According to many criteria, agency, intentionality, responsibility and freedom of decision, require conscious decisions. Freud already assumed that many of our decisions are influenced by dynamically unconscious motives or that we even perform unconscious actions based on completely unconscious considerations. Such actions might not be intentional, and perhaps not even actions in the narrow sense, we would not be responsible for them and freedom of decision would be missing. Recent psychological and neurophysiological research has added to this a (...)
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  41. Kant's Categories of Freedom.Susanne Bobzien - 2013 - In Kant - Analysen, Probleme, Kritik (English translation of 1988 article).
    ABSTRACT: A general interpretation and close textual analysis of Kant’s theory of the categories of freedom (or categories of practical reason) in his Critique of Practical Reason. My main concerns in the paper are the following: (1) I show that Kant’s categories of freedom have primarily three functions: as conditions of the possibility for actions (i) to be free, (ii) to be comprehensible as free and (iii) to be morally evaluated. (2) I show that for Kant actions, although (...)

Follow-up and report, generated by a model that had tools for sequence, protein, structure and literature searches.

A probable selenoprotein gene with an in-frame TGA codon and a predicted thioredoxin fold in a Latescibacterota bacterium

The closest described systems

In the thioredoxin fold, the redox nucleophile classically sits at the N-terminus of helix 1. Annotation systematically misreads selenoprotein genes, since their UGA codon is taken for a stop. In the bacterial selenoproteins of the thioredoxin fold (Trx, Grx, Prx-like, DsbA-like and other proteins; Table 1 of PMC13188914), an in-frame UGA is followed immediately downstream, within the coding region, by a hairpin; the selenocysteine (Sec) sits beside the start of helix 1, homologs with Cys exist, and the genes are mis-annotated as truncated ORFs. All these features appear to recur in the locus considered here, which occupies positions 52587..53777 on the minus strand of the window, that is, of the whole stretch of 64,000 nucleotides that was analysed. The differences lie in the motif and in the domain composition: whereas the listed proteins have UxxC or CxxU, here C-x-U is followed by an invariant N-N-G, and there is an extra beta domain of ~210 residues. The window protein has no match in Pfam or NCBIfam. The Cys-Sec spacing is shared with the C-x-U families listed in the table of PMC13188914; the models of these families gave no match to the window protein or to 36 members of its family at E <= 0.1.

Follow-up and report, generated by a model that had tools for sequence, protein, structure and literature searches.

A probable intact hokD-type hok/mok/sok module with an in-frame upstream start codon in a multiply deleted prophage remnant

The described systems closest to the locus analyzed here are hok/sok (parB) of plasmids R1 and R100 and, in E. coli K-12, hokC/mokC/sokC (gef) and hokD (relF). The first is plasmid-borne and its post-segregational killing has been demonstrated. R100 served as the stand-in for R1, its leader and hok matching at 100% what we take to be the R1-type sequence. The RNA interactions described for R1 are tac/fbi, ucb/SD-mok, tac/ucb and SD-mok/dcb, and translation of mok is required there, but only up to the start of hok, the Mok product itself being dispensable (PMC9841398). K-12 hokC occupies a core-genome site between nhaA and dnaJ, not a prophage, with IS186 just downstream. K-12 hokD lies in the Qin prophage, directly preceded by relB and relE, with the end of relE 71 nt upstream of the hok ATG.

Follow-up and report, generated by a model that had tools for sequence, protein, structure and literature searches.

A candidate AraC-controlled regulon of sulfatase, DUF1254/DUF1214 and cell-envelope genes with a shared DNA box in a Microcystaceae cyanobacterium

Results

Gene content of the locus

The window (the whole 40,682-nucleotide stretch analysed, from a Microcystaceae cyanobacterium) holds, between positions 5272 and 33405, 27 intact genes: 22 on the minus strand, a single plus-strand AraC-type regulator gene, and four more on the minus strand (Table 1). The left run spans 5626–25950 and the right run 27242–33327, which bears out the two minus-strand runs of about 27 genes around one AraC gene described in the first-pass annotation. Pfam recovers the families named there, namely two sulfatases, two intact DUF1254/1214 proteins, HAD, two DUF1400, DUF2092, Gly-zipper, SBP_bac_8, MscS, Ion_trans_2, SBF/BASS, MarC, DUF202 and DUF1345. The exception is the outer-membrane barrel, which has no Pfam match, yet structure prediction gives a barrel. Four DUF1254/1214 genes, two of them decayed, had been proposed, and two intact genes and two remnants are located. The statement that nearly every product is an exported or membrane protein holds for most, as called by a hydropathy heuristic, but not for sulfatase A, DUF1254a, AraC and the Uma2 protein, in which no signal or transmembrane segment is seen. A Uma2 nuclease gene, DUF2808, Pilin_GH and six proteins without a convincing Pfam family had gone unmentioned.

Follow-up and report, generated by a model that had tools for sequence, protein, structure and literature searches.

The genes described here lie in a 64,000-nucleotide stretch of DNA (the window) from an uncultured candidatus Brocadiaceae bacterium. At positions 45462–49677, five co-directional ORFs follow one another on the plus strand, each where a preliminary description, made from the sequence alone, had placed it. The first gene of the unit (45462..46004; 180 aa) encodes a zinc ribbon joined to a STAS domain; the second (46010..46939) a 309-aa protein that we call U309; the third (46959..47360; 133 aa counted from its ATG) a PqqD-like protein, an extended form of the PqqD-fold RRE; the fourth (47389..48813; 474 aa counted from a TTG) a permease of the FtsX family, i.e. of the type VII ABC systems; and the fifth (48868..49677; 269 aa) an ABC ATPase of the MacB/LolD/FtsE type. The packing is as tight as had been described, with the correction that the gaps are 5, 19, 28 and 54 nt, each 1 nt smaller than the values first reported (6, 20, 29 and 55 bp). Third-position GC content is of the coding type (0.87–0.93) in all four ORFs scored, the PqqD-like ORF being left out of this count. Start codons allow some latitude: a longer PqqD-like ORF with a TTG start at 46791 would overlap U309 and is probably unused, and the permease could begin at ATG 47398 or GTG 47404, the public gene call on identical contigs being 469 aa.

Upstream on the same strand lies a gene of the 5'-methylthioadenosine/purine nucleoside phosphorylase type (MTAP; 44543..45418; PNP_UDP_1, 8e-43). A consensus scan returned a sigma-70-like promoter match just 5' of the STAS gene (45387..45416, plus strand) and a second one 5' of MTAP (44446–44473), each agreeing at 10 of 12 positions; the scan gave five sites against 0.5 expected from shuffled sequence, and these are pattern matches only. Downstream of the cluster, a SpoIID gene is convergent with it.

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  42. Nietzsche, Freedom and Writing Lives.Tom Stern - 2009 - Arion 17 (1):85-110.
    Nietzsche writes a great deal about freedom throughout his work, but never more explicitly than in Twiling of the Idols, a book he described as 'my philosophy in a nutshell'. This paper offers an analysis of Nietzsche's conception freedom and the role it plays within Twilight.
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  43. When the State Speaks, What Should It Say? The Dilemmas of Freedom of Expression and Democratic Persuasion.Corey Brettschneider - 2010 - Perspectives on Politics 8 (4):1005-1019.
    Hate groups are often thought to reveal a paradox in liberal thinking. On the one hand, such groups challenge the very foundations of liberal thought, including core values of equality and freedom. On the other hand, these same values underlie the rights such as freedom of expression and association that protect hate groups. Thus a liberal democratic state that extends those protections to such groups in the name of value neutrality and freedom of expression may be thought (...)
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  44. ‘Exploding the Limits of Law’: Judgment and Freedom in Arendt and Adorno.Craig Reeves - 2009 - Res Publica 15 (2):137-164.